Review

The Kennedy Films of Robert Drew & Associates 

In 1960, the group was granted direct access to John F. Kennedy, filming him on the campaign trail and eventually in the Oval Office. This resulted in three films of remarkable, behind-closed-doors intimacy—Primary, Adventures on the New Frontier, and Crisis—and, following the president’s assassination, the poetic short Faces of November.

Source: The Kennedy Films of Robert Drew & Associates- The Criterion Collection (HT/ejc)

Watch the trailer for JFK documentary, ‘Killing Oswald’


The film is called Killing Oswald. I haven’t seen it but Mark Groubert has and here is what he said in his review for Crooks and Liars: Read more

Stealing the atom bomb: How Israel did it

In a deeply documented new bookRoger J Mattson tells the story of how denial and deception in Washington helped Israel obtain nuclear weapons in the 1960s, despite the firm opposition of the Kennedy administration. Read more

Stephen King’s JFK myth: the system failed but the system worked

In the finale of  “11.22.63′,” saving JFK doesn’t save the world. It heralds the apocalypse. So what’s the ultimate message of the Hulu series?

Be glad President Kennedy was killed on November 22, 1963. Read more

The Devil’s Chessboard today

Justyn Dillingham reviews David Talbot. Read more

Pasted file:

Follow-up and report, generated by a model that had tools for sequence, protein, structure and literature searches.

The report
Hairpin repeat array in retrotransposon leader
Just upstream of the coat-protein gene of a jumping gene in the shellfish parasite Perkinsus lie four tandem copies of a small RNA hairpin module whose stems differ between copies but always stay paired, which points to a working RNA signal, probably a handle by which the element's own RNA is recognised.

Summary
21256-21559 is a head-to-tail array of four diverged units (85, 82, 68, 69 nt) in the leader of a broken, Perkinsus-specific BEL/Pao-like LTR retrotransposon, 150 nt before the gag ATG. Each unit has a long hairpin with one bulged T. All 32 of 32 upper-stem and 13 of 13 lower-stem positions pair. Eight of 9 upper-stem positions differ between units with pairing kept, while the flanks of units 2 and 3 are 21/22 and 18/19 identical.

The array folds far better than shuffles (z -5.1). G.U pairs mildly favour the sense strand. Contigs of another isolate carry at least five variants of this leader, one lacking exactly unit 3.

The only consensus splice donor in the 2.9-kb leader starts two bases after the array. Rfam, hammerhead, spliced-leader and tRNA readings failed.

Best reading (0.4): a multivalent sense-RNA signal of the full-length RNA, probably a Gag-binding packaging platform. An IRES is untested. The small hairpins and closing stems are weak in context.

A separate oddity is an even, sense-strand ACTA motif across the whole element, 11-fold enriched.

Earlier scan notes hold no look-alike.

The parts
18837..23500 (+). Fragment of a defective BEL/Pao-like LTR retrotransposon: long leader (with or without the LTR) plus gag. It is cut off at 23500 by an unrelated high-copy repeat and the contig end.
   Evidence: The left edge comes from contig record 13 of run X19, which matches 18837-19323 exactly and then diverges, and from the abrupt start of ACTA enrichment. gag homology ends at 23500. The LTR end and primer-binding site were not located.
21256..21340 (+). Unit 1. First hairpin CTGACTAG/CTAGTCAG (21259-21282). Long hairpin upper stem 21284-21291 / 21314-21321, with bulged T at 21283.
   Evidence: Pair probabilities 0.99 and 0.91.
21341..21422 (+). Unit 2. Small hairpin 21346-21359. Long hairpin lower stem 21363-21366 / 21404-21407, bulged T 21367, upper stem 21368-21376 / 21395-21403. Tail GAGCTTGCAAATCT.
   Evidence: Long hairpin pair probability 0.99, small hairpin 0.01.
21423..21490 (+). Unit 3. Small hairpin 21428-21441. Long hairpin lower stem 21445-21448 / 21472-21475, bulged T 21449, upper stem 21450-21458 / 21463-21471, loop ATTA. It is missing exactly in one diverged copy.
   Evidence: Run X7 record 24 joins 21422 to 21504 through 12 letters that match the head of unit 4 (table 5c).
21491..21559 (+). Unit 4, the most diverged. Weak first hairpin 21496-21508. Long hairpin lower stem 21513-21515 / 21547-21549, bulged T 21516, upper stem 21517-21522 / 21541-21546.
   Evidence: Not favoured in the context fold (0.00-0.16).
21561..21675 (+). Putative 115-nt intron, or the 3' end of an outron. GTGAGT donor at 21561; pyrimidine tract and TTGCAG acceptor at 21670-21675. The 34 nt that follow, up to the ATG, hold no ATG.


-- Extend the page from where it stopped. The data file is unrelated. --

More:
Stephen Hunter goes ballistic: ‘The Third Bullet’ rethinks the JFK story

Bob Lee Swagger cracks the case.

Stephen Hunter is the cleverest JFK assassination conspiracy theorist to come along in many a year, so clever that few of his fellow theorists have even noticed that he is one.

In his latest novel, “The Third Bullet,” Hunter pulls off a an authorly act of legerdemain: he dresses up a rigorous reading of the forensic evidence about the assassination fo President John F. Kennedy on November 22, 1963, in the guise of an international shoot ’em up thriller.

The trail of adventure runs from Baltimore to Moscow to Dallas as Hunter’s creaky alter ego Bob Lee Swagger, a humble soldier of fortune who packs a mean pistol, solves the crime of the century while chatting up old buddies and twitching for a drink.  Read more

‘Suspicious Minds,’ (why we believe conspiracy theories)

David writes:

“I HIGHLY recommend this very accessible, insightful, and well researched book: Suspicious Minds: Why We Believe Conspiracy Theories: Rob Brotherton.

The incubus of intervention: JFK vs. Dulles

Poulgrain questions how history would have unfolded if the US had not trained the Indonesian military to be a pro-Western ‘state within a state’. This action paved the way for the brutal Suharto regime which unleashed the bloody anti-communist purges of 1965-66.  Moreover, he asks the intriguing question of what would have happened if Kennedy had dodged the assassin’s bullet and survived to implement his alternative strategy to use massive civic aid to bring the archipelago into the Western camp

Source: The Incubus of Intervention: Conflicting Indonesia Strategies of John F. Kennedy and Allen Dulles – Australian Institute of International Affairs

Top 10 JFK books of 2015

The best books about the assassination of the 35th president, as selected by the MaryFerrell.org, the premier Web archive of JFK assassination records.